So, there's a place for rent in Wasilla, AK that is 7000 sf fiberglass greenhouse with the plastic insulating liner, natural gas heat.
I'm trying to put together a business plan to get it up and producing food for a number of restaurants and families in the town I live in, but everyone is balking at the "unknown" utility costs of the operation.
The greenhouse was a foreclosure and the current owner has only vague numbers for the heating costs, approximately $1000 per month AVERAGE for the 2007 year, which suggests to me that they were obviously not using it year round. (I think the former owner focused on roses and shrubs and the like.)
What would you do to renovate such a building into a more sustainable model for alternative heating in a year-round food producing greenhouse?
I'm taking all considerations from solar options (good about 5 months of the years,) to heating with waste such as manure or wood pellets or what have you. I'm also working with someone that may be able to get us going with some grants to experiment in heating with methane.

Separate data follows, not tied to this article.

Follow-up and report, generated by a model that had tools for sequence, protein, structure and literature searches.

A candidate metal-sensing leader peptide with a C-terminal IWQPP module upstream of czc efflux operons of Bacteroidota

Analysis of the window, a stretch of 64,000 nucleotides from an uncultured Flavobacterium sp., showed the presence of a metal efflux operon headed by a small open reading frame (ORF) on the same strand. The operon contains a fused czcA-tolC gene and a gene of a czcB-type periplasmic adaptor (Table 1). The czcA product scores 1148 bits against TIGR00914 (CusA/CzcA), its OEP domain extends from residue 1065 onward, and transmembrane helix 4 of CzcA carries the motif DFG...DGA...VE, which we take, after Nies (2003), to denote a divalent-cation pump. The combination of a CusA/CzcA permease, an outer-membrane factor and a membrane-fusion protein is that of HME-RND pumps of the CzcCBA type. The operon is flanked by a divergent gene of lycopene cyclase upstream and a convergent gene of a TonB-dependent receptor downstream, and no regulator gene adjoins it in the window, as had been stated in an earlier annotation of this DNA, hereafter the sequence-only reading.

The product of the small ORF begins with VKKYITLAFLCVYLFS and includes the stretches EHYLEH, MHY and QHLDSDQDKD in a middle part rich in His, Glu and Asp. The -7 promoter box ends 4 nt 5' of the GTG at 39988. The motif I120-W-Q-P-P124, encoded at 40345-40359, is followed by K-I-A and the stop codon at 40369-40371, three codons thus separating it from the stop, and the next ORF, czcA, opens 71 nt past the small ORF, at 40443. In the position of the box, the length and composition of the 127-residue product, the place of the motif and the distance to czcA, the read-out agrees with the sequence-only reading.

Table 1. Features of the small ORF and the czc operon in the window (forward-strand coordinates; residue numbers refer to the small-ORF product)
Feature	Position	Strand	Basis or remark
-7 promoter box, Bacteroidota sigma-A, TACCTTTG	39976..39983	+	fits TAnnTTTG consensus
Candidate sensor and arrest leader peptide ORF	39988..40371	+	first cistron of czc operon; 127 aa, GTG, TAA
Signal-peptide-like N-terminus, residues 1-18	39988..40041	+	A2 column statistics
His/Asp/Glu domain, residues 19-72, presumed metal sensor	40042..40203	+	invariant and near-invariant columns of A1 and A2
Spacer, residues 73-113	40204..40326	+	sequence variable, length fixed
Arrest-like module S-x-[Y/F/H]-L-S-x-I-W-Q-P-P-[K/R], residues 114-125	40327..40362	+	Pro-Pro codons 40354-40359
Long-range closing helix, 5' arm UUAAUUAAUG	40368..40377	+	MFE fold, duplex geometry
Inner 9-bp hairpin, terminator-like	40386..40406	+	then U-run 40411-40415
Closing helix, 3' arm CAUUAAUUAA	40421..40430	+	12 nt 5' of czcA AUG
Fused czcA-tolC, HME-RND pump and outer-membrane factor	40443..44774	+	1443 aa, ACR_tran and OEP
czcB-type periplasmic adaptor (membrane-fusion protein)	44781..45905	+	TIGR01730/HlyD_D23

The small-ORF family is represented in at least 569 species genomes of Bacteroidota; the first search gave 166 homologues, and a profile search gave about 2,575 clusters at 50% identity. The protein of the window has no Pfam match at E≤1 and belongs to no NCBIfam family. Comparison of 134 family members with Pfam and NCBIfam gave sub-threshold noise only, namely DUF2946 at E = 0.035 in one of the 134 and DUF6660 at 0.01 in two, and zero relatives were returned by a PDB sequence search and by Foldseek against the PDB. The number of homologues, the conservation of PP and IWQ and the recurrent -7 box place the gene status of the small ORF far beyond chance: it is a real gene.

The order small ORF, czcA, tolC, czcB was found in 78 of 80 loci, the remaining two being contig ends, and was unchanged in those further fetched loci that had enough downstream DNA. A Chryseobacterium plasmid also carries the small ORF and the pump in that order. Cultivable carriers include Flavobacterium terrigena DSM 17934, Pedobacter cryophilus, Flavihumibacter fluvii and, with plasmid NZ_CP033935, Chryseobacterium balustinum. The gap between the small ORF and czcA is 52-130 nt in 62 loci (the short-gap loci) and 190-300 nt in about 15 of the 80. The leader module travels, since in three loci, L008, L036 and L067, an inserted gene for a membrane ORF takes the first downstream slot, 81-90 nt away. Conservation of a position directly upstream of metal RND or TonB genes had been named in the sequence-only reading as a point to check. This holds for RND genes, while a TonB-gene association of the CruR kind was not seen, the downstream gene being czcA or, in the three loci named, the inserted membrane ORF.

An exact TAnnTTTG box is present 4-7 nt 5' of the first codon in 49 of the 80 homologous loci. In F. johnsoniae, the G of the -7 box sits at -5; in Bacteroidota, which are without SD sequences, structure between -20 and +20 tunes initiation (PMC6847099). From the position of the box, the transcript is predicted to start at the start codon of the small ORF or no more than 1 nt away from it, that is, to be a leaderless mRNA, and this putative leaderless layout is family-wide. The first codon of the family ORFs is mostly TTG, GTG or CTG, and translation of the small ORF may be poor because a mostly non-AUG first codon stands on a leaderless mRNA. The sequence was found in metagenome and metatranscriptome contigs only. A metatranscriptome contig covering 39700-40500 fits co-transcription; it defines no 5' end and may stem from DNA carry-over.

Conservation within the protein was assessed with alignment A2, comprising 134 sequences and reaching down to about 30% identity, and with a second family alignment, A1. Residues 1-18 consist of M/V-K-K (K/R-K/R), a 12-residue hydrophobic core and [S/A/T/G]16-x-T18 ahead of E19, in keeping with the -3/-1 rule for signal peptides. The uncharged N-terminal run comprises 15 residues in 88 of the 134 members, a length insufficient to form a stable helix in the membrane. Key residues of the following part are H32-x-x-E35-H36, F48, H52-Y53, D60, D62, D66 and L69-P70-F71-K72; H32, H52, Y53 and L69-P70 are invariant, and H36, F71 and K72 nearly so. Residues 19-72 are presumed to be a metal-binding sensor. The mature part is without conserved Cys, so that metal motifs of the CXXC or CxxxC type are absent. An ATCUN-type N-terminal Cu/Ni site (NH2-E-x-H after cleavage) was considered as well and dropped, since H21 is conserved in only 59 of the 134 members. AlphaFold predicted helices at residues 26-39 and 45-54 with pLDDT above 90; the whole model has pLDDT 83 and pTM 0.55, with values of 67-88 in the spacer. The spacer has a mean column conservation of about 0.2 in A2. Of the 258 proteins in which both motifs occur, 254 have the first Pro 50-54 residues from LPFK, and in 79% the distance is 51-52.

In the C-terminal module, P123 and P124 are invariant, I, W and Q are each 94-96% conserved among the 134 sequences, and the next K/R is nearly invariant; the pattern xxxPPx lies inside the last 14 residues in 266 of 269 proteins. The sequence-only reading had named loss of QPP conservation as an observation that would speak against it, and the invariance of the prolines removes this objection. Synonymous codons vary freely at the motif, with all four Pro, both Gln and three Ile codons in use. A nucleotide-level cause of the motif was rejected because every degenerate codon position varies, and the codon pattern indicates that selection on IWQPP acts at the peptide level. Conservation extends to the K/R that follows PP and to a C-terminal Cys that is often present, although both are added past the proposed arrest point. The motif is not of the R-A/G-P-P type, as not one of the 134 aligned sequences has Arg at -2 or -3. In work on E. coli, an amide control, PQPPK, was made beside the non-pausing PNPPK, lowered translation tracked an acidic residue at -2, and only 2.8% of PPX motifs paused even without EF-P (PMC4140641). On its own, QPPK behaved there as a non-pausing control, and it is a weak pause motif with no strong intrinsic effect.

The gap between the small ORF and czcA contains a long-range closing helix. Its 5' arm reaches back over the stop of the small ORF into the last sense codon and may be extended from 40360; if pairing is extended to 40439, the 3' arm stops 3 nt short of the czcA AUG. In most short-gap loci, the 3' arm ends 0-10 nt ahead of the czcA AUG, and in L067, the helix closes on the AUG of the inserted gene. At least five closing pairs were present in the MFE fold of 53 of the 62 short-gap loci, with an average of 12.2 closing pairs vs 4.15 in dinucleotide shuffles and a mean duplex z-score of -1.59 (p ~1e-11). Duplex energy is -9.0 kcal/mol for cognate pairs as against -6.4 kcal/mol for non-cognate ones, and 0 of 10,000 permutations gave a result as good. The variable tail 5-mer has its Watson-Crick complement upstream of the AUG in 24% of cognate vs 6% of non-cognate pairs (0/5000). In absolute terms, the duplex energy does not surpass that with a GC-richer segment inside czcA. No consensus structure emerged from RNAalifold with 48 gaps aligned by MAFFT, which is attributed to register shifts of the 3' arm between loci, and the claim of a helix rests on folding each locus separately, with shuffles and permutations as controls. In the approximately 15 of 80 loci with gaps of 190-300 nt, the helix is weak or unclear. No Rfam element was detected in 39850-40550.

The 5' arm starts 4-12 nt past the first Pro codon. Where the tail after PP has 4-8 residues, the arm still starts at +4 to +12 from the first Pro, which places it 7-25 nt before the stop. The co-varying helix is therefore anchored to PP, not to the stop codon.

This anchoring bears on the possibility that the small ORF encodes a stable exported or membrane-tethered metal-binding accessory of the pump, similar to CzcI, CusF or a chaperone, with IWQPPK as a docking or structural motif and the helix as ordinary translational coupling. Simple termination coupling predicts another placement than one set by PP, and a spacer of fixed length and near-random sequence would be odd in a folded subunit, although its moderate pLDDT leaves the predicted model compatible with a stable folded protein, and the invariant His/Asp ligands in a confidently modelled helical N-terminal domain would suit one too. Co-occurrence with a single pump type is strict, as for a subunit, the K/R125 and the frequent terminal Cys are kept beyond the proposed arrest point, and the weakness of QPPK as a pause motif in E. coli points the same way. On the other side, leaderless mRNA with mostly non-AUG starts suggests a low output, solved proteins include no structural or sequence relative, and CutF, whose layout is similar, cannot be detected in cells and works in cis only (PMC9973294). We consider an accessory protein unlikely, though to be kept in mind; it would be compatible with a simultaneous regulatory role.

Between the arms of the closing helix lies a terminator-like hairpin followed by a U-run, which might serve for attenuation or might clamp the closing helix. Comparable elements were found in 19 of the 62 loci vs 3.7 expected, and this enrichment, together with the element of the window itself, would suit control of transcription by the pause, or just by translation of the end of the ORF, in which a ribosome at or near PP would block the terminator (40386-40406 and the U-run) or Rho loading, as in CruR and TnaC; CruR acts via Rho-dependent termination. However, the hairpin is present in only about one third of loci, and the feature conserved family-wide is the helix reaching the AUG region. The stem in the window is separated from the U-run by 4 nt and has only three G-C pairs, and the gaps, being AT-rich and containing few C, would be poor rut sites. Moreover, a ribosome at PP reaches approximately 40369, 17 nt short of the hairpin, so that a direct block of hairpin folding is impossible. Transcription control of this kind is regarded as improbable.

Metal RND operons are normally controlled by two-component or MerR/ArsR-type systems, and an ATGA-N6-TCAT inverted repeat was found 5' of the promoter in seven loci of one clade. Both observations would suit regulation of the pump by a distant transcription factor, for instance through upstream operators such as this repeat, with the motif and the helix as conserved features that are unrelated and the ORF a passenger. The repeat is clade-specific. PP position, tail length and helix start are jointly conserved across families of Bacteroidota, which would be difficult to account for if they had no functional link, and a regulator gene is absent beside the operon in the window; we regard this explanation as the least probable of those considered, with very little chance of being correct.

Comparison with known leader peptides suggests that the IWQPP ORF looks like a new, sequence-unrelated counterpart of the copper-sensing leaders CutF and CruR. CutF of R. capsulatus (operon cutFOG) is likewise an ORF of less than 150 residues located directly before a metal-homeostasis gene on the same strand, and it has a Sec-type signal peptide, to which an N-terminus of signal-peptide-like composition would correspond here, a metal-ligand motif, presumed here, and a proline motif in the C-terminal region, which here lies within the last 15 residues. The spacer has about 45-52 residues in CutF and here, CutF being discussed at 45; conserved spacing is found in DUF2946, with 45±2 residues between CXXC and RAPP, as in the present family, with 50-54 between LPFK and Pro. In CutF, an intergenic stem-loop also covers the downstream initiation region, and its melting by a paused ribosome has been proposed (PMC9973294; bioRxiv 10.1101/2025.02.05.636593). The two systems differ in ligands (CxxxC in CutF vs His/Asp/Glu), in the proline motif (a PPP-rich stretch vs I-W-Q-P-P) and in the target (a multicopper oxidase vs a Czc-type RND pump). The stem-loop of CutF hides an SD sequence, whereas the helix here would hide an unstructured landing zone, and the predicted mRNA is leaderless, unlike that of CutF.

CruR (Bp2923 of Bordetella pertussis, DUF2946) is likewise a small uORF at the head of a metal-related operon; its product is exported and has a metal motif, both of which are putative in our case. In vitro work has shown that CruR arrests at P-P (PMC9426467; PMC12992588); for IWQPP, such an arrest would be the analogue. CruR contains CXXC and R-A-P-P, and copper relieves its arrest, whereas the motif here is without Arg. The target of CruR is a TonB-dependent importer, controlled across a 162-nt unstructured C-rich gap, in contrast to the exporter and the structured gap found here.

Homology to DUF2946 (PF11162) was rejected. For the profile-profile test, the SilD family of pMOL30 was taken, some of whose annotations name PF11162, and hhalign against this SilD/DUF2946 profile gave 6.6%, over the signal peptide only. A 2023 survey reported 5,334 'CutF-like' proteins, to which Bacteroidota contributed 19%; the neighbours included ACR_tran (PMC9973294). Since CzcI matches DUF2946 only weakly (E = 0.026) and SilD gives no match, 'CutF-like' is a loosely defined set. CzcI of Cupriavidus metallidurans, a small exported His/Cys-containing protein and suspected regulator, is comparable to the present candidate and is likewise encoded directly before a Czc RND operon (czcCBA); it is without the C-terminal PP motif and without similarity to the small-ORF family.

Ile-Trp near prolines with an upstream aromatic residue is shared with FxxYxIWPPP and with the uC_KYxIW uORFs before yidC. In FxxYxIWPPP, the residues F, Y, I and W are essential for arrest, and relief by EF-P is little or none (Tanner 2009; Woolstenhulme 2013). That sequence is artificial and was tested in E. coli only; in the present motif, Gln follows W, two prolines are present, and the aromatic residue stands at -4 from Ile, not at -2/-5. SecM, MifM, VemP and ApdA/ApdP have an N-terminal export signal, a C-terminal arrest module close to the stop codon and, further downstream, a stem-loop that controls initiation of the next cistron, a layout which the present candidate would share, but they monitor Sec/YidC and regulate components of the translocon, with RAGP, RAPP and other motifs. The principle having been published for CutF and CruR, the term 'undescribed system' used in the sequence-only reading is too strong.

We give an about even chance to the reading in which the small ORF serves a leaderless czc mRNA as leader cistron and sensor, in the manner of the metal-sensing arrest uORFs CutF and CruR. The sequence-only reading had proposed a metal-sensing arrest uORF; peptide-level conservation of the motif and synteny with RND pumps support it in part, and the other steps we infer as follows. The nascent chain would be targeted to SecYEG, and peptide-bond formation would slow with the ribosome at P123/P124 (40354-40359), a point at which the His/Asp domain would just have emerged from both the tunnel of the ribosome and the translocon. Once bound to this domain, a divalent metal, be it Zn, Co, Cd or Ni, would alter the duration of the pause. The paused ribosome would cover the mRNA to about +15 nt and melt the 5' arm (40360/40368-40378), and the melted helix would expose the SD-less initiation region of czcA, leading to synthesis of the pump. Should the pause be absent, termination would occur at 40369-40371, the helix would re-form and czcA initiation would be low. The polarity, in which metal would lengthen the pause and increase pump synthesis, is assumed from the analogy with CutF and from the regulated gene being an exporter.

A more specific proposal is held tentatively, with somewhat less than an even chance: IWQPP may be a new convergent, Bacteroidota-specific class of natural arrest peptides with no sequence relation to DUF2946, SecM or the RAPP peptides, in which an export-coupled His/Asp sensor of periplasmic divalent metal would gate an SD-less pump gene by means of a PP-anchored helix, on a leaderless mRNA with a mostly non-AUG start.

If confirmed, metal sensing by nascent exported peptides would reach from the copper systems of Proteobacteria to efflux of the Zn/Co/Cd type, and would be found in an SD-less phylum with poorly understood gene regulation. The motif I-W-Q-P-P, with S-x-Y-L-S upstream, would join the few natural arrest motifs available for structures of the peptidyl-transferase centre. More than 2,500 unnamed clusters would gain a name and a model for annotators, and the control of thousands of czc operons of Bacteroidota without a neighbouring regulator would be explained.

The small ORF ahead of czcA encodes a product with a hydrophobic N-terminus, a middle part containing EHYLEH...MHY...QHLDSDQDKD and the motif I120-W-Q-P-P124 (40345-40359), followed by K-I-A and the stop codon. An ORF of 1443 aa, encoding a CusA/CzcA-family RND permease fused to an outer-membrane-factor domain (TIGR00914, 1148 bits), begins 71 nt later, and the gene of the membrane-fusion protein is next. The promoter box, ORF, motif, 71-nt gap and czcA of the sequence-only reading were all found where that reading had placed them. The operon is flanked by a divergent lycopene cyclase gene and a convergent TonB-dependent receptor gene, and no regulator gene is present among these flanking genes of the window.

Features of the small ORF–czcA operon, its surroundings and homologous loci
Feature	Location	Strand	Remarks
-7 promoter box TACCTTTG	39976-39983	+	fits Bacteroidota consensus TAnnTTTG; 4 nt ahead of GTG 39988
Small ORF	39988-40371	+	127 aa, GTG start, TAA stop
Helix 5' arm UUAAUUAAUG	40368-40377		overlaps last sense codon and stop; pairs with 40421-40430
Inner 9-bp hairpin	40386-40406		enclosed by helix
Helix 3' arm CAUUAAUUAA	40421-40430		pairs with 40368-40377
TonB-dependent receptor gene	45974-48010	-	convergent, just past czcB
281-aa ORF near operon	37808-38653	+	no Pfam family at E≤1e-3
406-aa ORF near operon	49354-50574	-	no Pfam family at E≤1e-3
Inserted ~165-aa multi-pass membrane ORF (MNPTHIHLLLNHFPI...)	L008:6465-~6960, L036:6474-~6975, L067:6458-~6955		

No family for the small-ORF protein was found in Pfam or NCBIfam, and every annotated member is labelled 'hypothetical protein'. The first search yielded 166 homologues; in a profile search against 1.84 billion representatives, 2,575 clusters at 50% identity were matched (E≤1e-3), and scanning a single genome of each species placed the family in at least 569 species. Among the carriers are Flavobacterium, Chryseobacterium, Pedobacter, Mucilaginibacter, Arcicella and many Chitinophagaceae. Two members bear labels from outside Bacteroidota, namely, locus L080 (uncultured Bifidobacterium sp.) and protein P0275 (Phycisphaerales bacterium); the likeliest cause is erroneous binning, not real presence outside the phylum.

The property includes six acres, and some small livestock production is a possibility, so waste from that could be produced and used all on site.
Still kind of a pipe dream, but thought I would see if any of you had any valuable input.
Joined: Oct 16, 2009
Location: Tonasket washington
Ahh you got to love FG houses. what kind of night covers did they use?
I am betting that a 7000 sq ft house had no covers. so IMO you got a couple ways to do it. heat the beds so there own thermal mass is what holds the heat through the night, divide the house so you only heat the section you can afford to heat. this makes it nice cause as you make more money and need more space you can just open a section up. it also lets you have gradents so you can have lettuce growing in a cool to cold section while you have mungbeans and tomatoes in your hot section. hope this helped
Need more info?